The bleak warning was issued by a former top cop as new figures revealed the city last year recorded its highest number of drug deaths for the last 10 years.
There were 135 drug related deaths in Glasgow last year.
The rise in deaths, up 11% on the previous year, and almost 50% higher than in 1999, has led to fears that the addiction problem in the city is growing.
Across Scotland the number of drug deaths reduced slightly, and in the other cities it either fell or was static, but in Glasgow, which has had a hard drug problem for the last 30 years, it has been on the rise again.
The majority of deaths were among people in the 25 to 34 and 35 to 44 age groups, an illustration of the long term nature of the drug issue, with some addicts having a chronic problem dating back 20 years or more.
The Government said the death toll was too high and was working to reduce it, but a former head of the Scottish Drug Enforcement Agency said their efforts are not effective.
Former police deputy chief constable, Graeme Pearson, now Professor of Organised Crime at Glasgow University, said economic decline breeds crime and drug abuse and warned the Government their tactics were failing to address all the issues.
He said: “You need the right housing, the right health and right employment response.
“What is happening in the drug abusing population is down to overall lifestyle.
“They are not only taking heroin, but methadone and diazepam and others drugs including alcohol. Alcohol is a factor in a third of drug related deaths.
“There is a blatant disregard for self worth.
“The current Government drugs strategy fails in the overall approach.
“Their response has been to say ‘we have spent £180 million’, but it needs to pay attention to what it is spending its money on.
“In Glasgow, drugs became an issue in the 1980s, which coincided with the closure of the shipyards and engineering works. It is the absence of alternatives which has allowed our communities to spiral into drug abuse.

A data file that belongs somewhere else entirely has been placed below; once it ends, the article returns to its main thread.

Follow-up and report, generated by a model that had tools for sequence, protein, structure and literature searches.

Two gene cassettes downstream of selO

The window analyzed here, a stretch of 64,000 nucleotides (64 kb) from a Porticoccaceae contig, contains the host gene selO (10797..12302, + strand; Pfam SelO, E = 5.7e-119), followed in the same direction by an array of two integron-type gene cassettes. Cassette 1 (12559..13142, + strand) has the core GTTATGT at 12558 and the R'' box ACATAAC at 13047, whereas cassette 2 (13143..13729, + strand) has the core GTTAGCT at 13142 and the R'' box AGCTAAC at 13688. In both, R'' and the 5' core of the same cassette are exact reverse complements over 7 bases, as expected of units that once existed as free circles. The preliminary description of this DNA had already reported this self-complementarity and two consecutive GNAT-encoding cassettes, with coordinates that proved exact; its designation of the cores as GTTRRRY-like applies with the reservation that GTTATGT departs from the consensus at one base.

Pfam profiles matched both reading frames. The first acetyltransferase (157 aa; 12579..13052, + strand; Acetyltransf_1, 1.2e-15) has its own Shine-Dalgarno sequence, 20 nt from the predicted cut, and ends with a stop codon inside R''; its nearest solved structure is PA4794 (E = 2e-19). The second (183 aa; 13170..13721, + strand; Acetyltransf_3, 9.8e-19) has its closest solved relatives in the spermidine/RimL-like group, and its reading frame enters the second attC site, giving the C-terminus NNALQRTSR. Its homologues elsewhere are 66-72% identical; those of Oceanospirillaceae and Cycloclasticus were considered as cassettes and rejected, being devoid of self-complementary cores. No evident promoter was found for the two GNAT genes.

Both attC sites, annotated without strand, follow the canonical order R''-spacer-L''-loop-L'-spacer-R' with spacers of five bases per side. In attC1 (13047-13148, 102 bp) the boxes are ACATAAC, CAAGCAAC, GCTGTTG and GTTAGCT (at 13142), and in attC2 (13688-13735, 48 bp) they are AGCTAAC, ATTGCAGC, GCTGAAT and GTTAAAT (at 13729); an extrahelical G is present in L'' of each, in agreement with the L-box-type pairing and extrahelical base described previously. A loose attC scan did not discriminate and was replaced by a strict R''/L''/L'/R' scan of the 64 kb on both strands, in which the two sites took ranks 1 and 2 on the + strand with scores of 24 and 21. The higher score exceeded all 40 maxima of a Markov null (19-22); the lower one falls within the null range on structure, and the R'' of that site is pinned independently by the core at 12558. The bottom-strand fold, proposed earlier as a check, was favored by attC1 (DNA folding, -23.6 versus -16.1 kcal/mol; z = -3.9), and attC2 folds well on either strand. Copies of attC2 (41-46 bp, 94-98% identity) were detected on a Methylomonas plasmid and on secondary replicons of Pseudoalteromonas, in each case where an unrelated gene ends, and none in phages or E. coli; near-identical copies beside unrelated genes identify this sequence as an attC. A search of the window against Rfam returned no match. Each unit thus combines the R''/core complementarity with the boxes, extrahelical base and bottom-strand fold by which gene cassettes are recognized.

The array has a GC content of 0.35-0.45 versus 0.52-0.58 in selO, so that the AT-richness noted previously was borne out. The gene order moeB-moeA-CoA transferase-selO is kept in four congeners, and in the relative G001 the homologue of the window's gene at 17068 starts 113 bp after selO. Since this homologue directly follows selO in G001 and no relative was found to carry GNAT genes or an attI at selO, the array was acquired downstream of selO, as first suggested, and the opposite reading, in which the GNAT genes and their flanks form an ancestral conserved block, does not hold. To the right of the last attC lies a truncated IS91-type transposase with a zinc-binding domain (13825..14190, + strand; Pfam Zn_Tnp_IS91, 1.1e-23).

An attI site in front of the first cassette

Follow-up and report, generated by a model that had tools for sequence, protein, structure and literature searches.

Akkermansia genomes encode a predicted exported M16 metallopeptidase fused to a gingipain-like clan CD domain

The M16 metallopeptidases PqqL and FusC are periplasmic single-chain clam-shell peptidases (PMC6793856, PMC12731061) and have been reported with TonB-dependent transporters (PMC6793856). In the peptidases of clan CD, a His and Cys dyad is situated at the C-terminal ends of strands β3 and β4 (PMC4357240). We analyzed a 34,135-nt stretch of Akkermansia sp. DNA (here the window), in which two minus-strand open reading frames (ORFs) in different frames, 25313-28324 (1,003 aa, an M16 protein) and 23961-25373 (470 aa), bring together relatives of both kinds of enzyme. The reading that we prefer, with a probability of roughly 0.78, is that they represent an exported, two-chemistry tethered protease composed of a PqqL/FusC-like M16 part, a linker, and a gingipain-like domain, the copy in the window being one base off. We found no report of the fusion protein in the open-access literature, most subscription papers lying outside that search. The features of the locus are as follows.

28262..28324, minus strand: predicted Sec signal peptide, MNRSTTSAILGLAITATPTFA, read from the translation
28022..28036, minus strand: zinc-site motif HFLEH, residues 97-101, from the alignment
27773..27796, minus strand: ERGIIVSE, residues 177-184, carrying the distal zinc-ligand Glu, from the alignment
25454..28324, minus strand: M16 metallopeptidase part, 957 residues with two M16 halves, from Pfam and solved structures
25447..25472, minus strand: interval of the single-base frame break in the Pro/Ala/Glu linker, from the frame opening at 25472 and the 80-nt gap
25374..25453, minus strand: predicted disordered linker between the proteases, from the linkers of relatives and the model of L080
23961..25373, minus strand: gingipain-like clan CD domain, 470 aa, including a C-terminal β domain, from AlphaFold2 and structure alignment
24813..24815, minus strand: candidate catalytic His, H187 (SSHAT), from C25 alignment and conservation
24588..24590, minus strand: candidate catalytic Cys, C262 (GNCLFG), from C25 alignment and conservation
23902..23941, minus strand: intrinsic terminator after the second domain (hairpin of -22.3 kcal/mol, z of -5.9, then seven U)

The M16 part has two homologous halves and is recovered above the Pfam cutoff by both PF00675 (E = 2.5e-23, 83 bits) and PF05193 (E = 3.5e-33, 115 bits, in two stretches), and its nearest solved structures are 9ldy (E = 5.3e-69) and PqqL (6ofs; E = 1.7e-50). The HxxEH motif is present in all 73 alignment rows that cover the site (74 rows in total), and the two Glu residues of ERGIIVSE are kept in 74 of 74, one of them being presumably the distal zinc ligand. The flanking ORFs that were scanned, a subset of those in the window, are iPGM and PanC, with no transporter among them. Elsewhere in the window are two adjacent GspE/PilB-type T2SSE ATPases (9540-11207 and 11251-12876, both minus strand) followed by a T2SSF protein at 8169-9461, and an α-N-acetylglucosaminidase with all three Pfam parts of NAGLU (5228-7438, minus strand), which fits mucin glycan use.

“It is a worry in these times of economic downturn, as unemployment is an opportunity for criminals to make money.”
Of the 545 drug-related deaths in Scotland last year, most (60%) were heroin or morphine related, methadone was involved in 32%, benzodiazepines accounted for 28%, and cocaine was implicated in 6%.
Alcohol was a factor in 165 deaths (30%).
Opposition politicians criticised a lack of prevention and called for more education targeted at the young.
Labour’s community safety spokesman, Rutherglen MSP James Kelly, said: “Particularly worrying is the number of children and young adults who become involved in occasional drug-taking and develop a serious dependency at an early age.
“More work needs to go into prevention and intervention programmes as well as into a renewed effort on educating young people about the dangers of drugs.”
Murdo Fraser MSP, Scottish Conservative Deputy Leader, said: “The attempts of the last decade to merely manage the problem, based on harm reduction and an over reliance on methadone have not worked.
“The challenge now is to expand the range of rehabilitation services on offer and move to abstinence and recovery.”
Community Safety Minister Fergus Ewing said: “These figures remind us that drug misuse destroys lives.
“The Scottish Government believes that our national drugs strategy, the Road to Recovery, will make a difference.
“It provides the framework for a generational change in our approach to tackling problem drug use and reducing drug related deaths through a focus on recovery.”
General Register Office for Scotland - Drug Related Deaths in Scotland